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Chapter 3.  

Finding What You're FOR & Fighting for What You Love

A color portrait of Mindy Fullilove, smiling.

"A program of action arises from people’s needs and a desire to fix the deep structural problems we face in the city. A program is a compass through the thicket of urban life."

- Dr. Mindy Fullilove

In this chapter you will:

  • learn about Finding What You’re FOR and programmatic strategy for organizing

  • articulate a FOR statement

  • see examples of grassroots organizing in communities fighting for what they love.

Finding What You're FOR

Orienting yourself around what you are for is an important skill for change-making. While organizing around what you’re angry about or what you fear might fuel or drive you, it can also leave you feeling reactive and burnt out.  Instead, holding what you are for at the heart of your organizing allows your values to drive your work.  Leading with your values opens you up to the formation of a coalition, by helping you find alignment with others who share these beliefs.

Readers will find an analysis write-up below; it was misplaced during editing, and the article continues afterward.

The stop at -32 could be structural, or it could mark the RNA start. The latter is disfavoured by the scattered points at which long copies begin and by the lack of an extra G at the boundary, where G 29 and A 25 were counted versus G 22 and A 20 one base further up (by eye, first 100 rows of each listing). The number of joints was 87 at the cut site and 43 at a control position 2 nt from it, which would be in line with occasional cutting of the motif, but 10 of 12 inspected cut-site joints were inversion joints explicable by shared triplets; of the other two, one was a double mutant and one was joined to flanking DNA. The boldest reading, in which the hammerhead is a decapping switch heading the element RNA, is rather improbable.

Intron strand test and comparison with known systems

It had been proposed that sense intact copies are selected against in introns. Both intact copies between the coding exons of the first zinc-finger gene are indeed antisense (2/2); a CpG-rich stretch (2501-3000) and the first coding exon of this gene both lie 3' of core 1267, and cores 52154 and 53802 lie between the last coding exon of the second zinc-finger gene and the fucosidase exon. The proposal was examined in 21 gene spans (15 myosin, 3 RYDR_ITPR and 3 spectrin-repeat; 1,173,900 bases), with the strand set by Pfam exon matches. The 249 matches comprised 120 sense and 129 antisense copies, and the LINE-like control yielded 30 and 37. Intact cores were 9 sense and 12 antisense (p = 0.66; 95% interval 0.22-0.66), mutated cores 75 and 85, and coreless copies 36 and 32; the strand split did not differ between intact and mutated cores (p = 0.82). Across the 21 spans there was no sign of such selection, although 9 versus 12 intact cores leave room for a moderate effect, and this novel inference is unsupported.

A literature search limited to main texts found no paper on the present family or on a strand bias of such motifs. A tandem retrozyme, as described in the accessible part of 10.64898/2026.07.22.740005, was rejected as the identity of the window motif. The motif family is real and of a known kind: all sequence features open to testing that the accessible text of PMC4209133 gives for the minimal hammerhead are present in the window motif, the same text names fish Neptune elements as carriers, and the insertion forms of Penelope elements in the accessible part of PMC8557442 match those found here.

The concept of Finding What You’re FOR comes to us from labor organizer Ernie “Big Train” Thompson and his daughter, Mindy Fullilove, MD, who tells us that growing up her dad loved to tell the story of the cat, the fox, and the tree. 


Below, Josh and Jaden Thompson, son and granddaughter of Ernest Thompson, perform a musical rendition of his story.

From Remembering Rosa: A Concert for Peace, 2020. Video Courtesy of University of Orange.

Finding What You’re FOR allows us to find allies and build coalition. Ernie taught that organizers need to work with many people to develop a program. The program has to identify what the group is FOR.  Dr. Fullilove included “Finding What You’re FOR” as one of the elements of urban restoration that she writes about in her book Urban Alchemy.

A diverse group of people on the steps of a municipal building protesting against evictions with large colorful banners.

Inquilinxs Unidxs / Tenants United demonstrating FOR residents being able to stay in their homes. Photo courtesy of Dominic Moulden.

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